Tag Archives: capitalism

Maintaining the Means of Production

As I reflect on 2019, I’m thinking of how everyone likes to talk about seizing the means of production being the path to freedom, but nobody ever really talks about maintaining it.

Various tools laid out on a piece of wood

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For me, a solarpunk future is one where we can locally produce most of the things we need. Ideally, this would be from predominantly local materials, but some things would undoubtedly need to trade from one region to another. I envision a future with a much lighter international trade footprint than we have now, restricted to mostly raw materials exchange for digital manufacturing and handicrafts.

One of the things you quickly realize as you move away from the dominant throwaway culture is that maintaining the items you have takes work. I don’t know if it’s always been this way, but people who work in maintenance are typically not well thought of in Western society. The plumbers, cleaning staff, and garbage haulers are somehow lesser in our culture’s eyes than a lawyer or engineer, resulting in depressed wages for many in these professions. This is pretty messed up since maintenance staff are the ones filling the most critical functions of our society. There’s an emphasis on the new and shiny, that is also exemplified by the poor state of infrastructure in the US while we continue to build new roads and highways.

Douglas Adams included an aside in The Hitchhiker’s Guide to the Galaxy about how one civilization was destroyed when it decided it no longer needed it’s telephone sanitation workers. While it’s a bit of an absurd example, just think about who you’d rather have still working during some sort of crisis – the trash collector or a lawyer?

panoramic shot of sky

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There are so many jobs in the current economy that only exist because of capitalism’s insistence that everyone needs to work for a living even when there are plenty of resources for everyone to have the basics. We’ve designed a hedonic treadmill where we make up unnecessary jobs so people can buy things they don’t need and corporations can extract profits from our communities. I know I’ve personally had a lot of jobs that weren’t adding value to the world, and I would’ve dropped them in a second if I hadn’t needed to make rent. That said, I also definitely have a bunch of things that I’ve bought that seemed like a good idea at the time but are now just clutter in the apartment. It’s easy to say that better spending habits would make it easier to make ends meet, but making that a reality when you’re inundated with advertising every day makes it easier said than done.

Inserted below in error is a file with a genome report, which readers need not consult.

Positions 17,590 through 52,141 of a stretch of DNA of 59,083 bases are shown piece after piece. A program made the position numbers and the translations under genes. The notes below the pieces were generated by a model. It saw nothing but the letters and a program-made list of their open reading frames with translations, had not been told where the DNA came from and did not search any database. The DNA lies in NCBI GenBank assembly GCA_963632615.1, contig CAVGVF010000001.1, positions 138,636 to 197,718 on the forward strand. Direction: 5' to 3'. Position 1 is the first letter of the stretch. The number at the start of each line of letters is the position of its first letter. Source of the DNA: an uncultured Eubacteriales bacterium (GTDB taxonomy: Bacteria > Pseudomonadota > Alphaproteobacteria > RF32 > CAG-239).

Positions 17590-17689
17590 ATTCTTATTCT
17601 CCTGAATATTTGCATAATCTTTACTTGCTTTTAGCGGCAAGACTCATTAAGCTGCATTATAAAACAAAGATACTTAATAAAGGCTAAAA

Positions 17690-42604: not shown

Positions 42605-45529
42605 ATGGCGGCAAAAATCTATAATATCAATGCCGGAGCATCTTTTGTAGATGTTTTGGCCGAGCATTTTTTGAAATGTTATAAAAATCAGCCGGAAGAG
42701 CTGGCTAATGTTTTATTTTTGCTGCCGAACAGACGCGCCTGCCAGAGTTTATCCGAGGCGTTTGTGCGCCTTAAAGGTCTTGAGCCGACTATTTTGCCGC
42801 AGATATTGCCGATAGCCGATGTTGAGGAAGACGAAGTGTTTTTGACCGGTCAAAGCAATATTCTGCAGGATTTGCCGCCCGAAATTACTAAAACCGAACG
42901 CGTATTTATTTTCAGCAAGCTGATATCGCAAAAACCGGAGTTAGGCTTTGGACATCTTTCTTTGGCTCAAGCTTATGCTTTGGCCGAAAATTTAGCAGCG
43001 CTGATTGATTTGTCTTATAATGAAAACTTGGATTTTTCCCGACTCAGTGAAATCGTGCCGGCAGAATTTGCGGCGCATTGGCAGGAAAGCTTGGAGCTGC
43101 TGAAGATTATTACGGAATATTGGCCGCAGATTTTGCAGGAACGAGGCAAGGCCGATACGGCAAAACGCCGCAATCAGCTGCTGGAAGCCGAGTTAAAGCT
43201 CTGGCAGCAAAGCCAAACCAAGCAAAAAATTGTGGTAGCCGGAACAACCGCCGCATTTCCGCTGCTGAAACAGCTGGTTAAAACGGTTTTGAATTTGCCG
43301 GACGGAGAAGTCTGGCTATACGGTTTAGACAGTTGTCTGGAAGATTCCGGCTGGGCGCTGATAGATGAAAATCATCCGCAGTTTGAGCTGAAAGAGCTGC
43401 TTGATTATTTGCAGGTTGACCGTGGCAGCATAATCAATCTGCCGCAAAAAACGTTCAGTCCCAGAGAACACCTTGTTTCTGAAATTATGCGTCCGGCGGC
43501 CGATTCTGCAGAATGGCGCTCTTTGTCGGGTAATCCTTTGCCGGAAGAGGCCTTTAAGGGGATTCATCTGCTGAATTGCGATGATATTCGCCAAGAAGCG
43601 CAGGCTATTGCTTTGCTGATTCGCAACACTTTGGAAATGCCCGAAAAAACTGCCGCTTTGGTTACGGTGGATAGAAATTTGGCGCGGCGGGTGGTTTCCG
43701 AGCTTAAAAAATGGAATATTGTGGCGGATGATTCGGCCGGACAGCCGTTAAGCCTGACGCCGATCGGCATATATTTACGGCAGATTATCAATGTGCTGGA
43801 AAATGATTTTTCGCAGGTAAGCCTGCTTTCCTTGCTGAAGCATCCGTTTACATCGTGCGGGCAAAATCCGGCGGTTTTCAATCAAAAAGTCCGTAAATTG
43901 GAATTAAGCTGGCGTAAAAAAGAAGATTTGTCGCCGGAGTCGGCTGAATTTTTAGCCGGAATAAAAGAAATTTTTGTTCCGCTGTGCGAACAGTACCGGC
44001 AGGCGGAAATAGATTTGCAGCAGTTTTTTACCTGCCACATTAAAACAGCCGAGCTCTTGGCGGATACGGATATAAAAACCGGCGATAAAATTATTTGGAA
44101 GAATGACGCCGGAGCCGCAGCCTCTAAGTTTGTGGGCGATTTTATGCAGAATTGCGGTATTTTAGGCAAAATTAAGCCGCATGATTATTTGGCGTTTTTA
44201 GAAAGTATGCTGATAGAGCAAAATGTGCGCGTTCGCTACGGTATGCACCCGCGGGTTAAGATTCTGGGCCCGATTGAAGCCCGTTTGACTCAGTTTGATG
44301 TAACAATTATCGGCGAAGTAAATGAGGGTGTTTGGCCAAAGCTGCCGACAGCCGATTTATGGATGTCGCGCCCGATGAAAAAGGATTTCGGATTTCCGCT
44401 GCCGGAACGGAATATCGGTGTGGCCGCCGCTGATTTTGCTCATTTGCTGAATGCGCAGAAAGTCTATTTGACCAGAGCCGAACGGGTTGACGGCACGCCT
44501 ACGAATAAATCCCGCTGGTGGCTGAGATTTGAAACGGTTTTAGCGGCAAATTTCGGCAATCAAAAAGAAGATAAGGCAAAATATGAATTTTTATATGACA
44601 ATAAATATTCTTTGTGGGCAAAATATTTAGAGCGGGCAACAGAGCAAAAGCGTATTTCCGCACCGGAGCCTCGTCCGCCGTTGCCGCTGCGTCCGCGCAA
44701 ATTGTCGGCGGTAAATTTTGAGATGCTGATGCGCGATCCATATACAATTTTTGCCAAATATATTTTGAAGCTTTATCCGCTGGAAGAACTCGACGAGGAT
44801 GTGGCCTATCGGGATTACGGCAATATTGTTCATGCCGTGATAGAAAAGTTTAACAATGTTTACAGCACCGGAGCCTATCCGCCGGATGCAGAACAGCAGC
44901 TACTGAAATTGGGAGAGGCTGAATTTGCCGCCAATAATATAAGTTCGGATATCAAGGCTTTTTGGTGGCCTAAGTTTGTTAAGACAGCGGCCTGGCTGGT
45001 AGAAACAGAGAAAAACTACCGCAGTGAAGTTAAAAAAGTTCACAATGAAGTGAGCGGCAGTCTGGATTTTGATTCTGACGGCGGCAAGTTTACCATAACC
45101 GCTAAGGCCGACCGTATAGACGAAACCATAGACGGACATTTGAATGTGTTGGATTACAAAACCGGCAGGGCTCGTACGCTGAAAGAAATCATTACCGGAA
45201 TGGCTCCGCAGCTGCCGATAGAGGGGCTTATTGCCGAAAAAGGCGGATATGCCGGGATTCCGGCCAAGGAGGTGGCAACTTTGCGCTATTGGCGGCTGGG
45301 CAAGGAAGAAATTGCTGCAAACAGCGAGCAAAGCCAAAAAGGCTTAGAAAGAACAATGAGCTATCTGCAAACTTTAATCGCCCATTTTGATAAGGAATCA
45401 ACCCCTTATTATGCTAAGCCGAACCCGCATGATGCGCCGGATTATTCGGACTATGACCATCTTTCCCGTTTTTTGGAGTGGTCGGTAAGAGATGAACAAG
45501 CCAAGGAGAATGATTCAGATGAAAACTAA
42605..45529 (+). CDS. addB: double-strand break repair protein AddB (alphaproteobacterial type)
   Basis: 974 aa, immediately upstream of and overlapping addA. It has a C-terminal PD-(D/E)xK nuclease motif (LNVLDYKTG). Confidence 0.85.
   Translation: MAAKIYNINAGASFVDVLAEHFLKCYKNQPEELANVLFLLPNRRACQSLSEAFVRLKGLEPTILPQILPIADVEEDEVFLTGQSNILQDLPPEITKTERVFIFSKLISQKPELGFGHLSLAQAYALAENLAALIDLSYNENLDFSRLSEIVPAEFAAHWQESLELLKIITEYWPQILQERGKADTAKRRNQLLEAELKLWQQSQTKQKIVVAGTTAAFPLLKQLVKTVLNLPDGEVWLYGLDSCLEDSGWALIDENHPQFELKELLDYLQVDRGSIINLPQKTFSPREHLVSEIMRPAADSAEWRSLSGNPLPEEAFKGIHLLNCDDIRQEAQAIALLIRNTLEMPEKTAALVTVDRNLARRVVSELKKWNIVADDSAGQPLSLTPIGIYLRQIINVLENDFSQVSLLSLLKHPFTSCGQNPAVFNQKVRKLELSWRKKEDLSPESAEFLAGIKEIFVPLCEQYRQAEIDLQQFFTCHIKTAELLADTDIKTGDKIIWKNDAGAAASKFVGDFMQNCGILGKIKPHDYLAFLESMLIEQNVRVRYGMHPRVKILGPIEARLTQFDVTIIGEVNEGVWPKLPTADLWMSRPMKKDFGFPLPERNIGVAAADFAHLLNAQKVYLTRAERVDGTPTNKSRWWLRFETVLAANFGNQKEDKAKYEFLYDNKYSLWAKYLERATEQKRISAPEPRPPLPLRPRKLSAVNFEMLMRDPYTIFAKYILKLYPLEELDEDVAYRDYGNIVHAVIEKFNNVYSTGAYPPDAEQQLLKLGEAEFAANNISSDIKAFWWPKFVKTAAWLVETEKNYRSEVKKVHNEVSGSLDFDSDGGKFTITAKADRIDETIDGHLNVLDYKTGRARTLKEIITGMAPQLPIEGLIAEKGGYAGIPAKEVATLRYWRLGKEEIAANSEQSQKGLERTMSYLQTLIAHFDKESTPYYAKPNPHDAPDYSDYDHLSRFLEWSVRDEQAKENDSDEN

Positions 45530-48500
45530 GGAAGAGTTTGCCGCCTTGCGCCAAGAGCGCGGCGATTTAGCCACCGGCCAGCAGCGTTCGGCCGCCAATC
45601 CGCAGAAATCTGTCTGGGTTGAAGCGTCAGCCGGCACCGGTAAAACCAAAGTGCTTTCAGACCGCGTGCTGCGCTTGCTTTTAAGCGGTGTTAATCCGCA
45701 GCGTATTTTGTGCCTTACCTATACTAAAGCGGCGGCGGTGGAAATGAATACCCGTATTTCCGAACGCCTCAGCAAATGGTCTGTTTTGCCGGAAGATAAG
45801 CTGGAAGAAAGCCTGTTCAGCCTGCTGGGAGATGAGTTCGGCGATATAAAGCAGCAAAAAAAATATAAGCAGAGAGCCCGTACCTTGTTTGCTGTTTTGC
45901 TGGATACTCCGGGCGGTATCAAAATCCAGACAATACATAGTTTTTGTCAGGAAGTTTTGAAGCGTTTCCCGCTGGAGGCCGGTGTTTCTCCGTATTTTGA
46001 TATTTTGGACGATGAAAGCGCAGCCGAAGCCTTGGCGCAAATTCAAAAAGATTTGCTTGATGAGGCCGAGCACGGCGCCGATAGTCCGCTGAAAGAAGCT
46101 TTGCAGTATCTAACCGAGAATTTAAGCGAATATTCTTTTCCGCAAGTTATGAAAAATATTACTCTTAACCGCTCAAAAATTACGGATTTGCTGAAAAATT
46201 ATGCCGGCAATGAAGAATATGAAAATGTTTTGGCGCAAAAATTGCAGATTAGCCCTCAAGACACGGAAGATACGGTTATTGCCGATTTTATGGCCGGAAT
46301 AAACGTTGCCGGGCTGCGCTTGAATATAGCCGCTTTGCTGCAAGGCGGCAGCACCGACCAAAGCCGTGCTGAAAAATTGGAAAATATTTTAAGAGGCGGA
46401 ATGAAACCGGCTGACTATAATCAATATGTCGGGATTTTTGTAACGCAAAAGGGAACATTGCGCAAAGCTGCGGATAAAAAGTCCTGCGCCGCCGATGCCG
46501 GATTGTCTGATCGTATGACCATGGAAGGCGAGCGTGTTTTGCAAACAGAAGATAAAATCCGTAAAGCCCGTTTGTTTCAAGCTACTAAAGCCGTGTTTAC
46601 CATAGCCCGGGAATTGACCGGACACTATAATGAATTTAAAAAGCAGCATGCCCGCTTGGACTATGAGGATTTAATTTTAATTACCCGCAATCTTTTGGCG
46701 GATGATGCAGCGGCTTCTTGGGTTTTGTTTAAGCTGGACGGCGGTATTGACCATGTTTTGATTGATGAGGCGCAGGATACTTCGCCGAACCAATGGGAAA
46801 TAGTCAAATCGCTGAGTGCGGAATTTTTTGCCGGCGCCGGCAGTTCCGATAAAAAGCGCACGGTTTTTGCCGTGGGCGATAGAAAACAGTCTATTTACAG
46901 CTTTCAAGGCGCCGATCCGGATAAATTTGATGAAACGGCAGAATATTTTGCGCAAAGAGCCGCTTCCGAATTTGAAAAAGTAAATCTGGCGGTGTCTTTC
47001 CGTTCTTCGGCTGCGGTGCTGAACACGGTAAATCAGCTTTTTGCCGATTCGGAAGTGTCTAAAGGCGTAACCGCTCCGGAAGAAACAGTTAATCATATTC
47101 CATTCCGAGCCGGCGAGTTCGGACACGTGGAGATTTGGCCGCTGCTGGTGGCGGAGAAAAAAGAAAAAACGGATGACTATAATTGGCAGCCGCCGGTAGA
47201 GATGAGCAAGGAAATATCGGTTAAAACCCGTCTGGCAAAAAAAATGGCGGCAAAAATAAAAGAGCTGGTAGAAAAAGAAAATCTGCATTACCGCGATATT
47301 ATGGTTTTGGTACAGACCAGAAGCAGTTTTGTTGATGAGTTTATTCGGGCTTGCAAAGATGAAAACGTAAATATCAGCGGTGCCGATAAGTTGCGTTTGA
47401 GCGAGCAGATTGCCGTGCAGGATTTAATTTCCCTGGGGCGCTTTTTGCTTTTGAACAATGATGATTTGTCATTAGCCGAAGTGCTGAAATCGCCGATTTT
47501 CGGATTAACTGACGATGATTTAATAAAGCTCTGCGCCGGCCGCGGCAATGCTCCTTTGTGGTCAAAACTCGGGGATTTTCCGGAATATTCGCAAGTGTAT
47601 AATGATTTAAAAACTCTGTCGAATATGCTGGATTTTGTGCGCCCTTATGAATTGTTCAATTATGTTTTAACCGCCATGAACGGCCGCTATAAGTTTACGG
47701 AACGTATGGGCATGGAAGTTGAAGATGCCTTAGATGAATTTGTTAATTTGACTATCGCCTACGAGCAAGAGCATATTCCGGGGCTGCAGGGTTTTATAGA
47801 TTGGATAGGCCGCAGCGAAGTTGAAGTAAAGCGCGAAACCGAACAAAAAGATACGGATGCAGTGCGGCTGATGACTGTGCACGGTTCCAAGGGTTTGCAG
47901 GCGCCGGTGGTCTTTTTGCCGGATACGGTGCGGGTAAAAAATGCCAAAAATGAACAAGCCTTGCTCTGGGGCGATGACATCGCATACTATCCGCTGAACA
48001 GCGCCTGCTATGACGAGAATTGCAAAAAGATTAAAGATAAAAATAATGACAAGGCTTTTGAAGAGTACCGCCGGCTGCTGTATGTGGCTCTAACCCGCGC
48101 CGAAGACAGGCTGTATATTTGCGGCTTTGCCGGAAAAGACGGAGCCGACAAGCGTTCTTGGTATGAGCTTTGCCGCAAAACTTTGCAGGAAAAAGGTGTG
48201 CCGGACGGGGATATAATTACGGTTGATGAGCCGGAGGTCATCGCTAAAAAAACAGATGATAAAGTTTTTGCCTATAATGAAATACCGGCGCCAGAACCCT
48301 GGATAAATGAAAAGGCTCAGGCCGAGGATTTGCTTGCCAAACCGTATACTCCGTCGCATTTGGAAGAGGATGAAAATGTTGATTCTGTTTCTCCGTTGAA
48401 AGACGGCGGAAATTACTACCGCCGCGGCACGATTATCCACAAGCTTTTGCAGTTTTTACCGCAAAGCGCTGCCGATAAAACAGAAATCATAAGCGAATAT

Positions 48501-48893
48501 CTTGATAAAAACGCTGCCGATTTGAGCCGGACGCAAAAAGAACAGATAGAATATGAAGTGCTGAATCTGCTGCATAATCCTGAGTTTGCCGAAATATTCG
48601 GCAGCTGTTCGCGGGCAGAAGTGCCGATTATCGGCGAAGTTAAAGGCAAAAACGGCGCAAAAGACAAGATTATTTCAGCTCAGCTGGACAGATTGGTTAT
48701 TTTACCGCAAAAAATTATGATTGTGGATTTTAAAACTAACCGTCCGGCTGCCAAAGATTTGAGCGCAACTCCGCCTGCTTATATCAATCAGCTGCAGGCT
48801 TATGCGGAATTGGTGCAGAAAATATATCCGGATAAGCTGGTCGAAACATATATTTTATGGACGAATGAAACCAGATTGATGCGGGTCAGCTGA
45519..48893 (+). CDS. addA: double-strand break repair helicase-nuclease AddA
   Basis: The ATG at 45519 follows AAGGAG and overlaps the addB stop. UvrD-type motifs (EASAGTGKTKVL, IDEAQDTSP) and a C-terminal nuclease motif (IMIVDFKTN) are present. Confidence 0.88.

I hope a solarpunk future will have a lot less waste and a lot more genuine activity. Maybe a popular activity for lunarpunks would be to clean solar arrays in the night so they’ll be operating at maximum efficiency in the morning, or tidalpunks working on corrosion mitigation in coastal communities would be highly regarded members of the town. In the past year, I’ve repaired a couple cellphones, numerous bikes, performed various software and hardware upgrades on computers, and have been nursing my 3D printer back to health after it caught fire in March. I also helped out with two Repair Cafés here in town, repairing all sorts of different things. I haven’t been disparaged for being a fixer, and most people seem surprised or impressed when a gadget or garment can be brought back from the brink with a simple repair. Repairing objects can bring communities together, and I’d really love if we could extend that wonder and respect to all the people that keep society humming. If you are one of these unsung heroes, you have my thanks and respect.

Do you have any ideas on how to generate more respect and appreciation for those who maintain our society? Please let us know below!


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The Rules: Capitalism, UBI, and the Blockchain

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The Rules Blog recently posted an excellent piece about the relationship between extractive capitalism, universal basic income (UBI), and blockchain technologies. Climate change, pollution, and exploitation of the workforce are largely a function of the incentives baked into the current version of centralized currency and capitalism that we have today. Blockchain technology and cryptocurrencies offer a beacon of hope that by wresting control of money away from centralized governments and big banks we can remake the economy in a way that serves the people instead of the current system where people serve the economy.

While governments dicker about the merits of UBI and small-scale experiments are starting in some jurisdictions, the blockchain community is already developing some cryptocurrencies with UBI built in. The people writing at the Rules Blog have connections to one of the solutions, Circles, but many others exist such as Manna* and UBU. A short list can be found in this Reddit post.

As I mentioned before, the best chance for UBI in the United States is the FairTax. I think that circumventing the ponderous bureaucracy of government will probably result in a more expedient and fair system than anything we would get from Washington. The other advantage of blockchain-based systems is that they will be truly international and not locked down by the draconian laws of any one given government.

What do you think? Is blockchain over-hyped? Is it the next big thing? Sound off below, and thanks for visiting!


*Affiliate link – I may receive extra Manna if you sign up for the Manna UBI project through this link